This blog post is the first in a three-part series that describes legal issues in assisted reproduction. In this blog, we’ll explore the issue of “consent.”
The law states that if a husband either provides sperm or consents to assisted reproduction by his wife, then he consents to being the father of that child. That statement comes as no surprise. What might surprise some to know is that the husband’s (and wife’s) consent, however, must be in a signed record kept by the licensed physician who provides the assisted reproduction services. So, maintaining documentation of consent is critical. Mostly.
Without a record of consent, the husband can still be found to be the father of the child if the husband and wife openly treated the child as their own. If the husband did not treat the child as his own, then he can bring an action to challenge paternity any time prior to the child’s fourth birthday. Then, a court must find that the husband did not consent either before or after the child’s birth. The husband can bring an action after the child’s fourth birthday only if three elements are present as follows: (1) he didn’t provide the sperm for or consent to the assisted reproduction; (2) he and his wife didn’t live together since the probable time of assisted reproduction; and (3) he never openly treated the child as his own.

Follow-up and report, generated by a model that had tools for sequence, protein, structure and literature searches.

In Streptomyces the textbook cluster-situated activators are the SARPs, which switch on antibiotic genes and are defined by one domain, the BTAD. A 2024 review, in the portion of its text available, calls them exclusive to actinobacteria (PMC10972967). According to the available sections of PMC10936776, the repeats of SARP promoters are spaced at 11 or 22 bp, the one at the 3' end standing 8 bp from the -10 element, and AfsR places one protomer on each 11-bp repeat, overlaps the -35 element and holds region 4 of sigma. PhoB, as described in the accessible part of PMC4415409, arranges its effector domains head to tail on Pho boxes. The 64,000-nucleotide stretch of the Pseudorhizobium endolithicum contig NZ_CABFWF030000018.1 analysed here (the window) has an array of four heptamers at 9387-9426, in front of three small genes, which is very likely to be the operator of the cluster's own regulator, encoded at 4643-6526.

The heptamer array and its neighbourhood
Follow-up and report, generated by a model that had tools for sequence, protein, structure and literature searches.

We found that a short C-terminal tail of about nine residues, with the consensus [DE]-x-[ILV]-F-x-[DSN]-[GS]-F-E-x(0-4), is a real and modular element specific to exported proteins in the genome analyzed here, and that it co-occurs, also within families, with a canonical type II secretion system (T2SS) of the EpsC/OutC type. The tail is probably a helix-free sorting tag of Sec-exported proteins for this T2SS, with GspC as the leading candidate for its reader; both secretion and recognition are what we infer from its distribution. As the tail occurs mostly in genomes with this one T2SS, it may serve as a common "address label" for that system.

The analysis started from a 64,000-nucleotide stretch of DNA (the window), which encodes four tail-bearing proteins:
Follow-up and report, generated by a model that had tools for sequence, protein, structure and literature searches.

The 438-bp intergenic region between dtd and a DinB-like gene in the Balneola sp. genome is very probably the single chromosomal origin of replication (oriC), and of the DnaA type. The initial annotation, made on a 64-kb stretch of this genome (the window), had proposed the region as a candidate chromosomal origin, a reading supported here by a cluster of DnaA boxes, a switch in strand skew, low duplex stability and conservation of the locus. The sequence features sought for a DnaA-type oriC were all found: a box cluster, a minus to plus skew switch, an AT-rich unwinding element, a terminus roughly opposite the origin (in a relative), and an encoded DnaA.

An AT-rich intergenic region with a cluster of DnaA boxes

In part two of this series, we’ll look what happens if divorce occurs before eggs, sperm or embryos in storage are placed into the wife. Stay tuned.
Author Jim Cramp is the founder and principal attorney at the Cramp Law Firm. The Cramp Law Firm provides a spectrum of family-related legal services in the greater San Antonio Region.